If you’re a parent or work with or have been around children at any point in the last 15 years or so, odds are, you’ve known about this book for months. But just in case you don’t, this is the third in Raina Telgemeier’s Eisner-winning, billions-selling series of graphic childhood memoirs, after Smile and Sisters. This time out, the cartoonist — who at one point held the top 4 spots simultaneously on the (sadly still gone) New York Times Best Seller List for GNs — tells of an already-difficult middle-school existence thrown into chaos by what turns out to be more than just a simple stomach bug. Plan to read this now to instantly have a topic of conversation with any child you meet until the end of time.


A man with a scarred face goes grocery shopping in an apron on the cover of The Way of the Househusband, Viz Media (2019).

Kousuke Oono/Viz Media

The Way of the Househusband

Written and drawn by Kousuke Oono; in bookstores Sept. 17 and comic shops Sept. 18

If you follow Manga Twitter, you probably were aware of this Kousuke Oono manga long before Viz ever announced that they’d licensed it. At its heart, this is essentially the same arc as Bruce Willis’ character from The Whole Nine Yards. A Yakuza lieutenant so fierce and hard to kill he’s known only as the “Immortal Dragon” leaves his savage ways behind when he gets married … and becomes a stay-at-home husband. There’s no shortage of slice-of-life manga out there, but the ingredients make this one sound special.


A young Dinah Lance, in shorts, ripped fishnets, and a purple jacket, sits surrounded by black birds on the cover of Black Canary: Ignite, DC Comics (2019).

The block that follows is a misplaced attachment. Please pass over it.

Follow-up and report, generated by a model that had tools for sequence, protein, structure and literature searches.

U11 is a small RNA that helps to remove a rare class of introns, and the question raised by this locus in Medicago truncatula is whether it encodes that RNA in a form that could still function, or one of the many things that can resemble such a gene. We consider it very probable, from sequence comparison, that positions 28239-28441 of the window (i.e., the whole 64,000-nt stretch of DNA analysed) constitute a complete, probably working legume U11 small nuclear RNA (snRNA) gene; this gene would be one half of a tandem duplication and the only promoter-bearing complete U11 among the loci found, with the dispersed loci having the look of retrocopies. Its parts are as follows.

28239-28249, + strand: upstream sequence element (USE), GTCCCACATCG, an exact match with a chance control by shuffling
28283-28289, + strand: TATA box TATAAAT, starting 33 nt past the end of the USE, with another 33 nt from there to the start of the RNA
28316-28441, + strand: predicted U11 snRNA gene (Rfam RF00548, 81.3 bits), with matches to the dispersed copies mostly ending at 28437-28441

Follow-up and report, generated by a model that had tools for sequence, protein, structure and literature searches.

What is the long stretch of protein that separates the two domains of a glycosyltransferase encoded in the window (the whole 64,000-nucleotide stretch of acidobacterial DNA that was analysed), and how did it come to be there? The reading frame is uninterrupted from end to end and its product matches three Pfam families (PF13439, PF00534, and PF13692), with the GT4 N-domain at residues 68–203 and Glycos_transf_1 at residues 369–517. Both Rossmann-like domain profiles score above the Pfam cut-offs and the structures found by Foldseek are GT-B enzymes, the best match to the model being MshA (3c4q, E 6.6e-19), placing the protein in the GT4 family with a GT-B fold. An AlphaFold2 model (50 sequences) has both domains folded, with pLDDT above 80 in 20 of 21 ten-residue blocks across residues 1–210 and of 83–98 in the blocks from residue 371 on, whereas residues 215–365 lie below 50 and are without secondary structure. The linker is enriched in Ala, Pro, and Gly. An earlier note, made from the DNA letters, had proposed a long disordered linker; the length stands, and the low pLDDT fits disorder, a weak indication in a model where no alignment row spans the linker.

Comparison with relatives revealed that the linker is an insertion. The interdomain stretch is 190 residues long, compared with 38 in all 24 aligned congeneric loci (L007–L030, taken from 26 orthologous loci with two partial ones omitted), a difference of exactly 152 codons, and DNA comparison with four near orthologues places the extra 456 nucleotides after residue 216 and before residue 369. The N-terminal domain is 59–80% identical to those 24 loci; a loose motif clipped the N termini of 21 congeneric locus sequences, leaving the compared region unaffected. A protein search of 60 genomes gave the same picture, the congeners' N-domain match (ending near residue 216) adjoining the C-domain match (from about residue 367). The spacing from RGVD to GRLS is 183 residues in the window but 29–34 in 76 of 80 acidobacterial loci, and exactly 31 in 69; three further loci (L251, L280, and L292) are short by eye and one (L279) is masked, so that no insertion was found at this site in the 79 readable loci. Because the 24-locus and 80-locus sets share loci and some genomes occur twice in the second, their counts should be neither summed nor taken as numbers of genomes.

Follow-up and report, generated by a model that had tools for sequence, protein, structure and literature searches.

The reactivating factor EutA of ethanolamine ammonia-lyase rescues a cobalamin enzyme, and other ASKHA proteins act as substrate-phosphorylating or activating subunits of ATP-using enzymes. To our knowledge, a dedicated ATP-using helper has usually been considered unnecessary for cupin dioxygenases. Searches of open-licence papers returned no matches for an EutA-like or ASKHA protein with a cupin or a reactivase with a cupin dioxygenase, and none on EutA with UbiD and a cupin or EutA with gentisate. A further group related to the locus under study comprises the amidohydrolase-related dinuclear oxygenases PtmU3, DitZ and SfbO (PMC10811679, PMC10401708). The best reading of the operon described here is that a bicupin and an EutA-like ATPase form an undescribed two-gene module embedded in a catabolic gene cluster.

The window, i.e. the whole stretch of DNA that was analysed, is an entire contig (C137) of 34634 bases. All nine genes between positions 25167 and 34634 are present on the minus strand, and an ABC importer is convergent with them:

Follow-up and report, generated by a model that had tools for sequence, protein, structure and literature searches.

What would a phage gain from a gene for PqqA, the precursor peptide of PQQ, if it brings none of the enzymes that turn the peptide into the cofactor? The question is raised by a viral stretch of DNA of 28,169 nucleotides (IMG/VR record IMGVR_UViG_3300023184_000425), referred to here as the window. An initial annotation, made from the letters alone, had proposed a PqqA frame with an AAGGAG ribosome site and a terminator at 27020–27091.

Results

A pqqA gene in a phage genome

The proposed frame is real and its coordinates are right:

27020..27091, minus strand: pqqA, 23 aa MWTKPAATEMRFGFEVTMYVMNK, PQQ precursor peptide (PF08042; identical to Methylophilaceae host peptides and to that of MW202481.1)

Cara McGee/DC Comics

Black Canary: Ignite

Written by Meg Cabot, drawn by Cara McGee; hitting bookstore shelves on Oct. 29 and comic shops Oct. 23

Also in the DC Kids line, Black Canary: Ignite takes aim at one of the more complex origin stories in the DCU, with Dinah Lance, aka the Black Canary. Uniting the hyper-expressive cartooning of Cara McGee (Dodge City) with the unmistakable voice of YA legend Meg Cabot (The Princess Diaries, Avalon High), the book takes cues from the direction Dinah’s mainstream adult counterpart has gone in recent years and puts its Dinah, aged thirteen, in a rock band. Competing in a Battle of the Bands and also hoping to get into the Gotham City Junior Police Academy to follow in her dad’s footsteps, the teen rocker faces a mysterious man who forces her to dig into the mystery of her mom’s past.


Five vampire women on motorcycles on the cover of Vamps: The Complete Collection, DC Comics (2019).

Will Simpson/DC Comics

Vamps: The Complete Collection

Written by Elaine Lee, drawn by Will Simpson; in bookstores Nov. 5 and comic shops on Oct. 30

DC’s vaunted Vertigo label may be no more, but it still has a huge back catalog to draw on and reprint. Case in point: a complete omnibus of Vamps, a ‘90s horror series by Elaine Lee (Starstruck) and Will Simpson (Hellblazer, Animal Man) containing not only the original miniseries but its never-collected sequel miniseries and bonus material.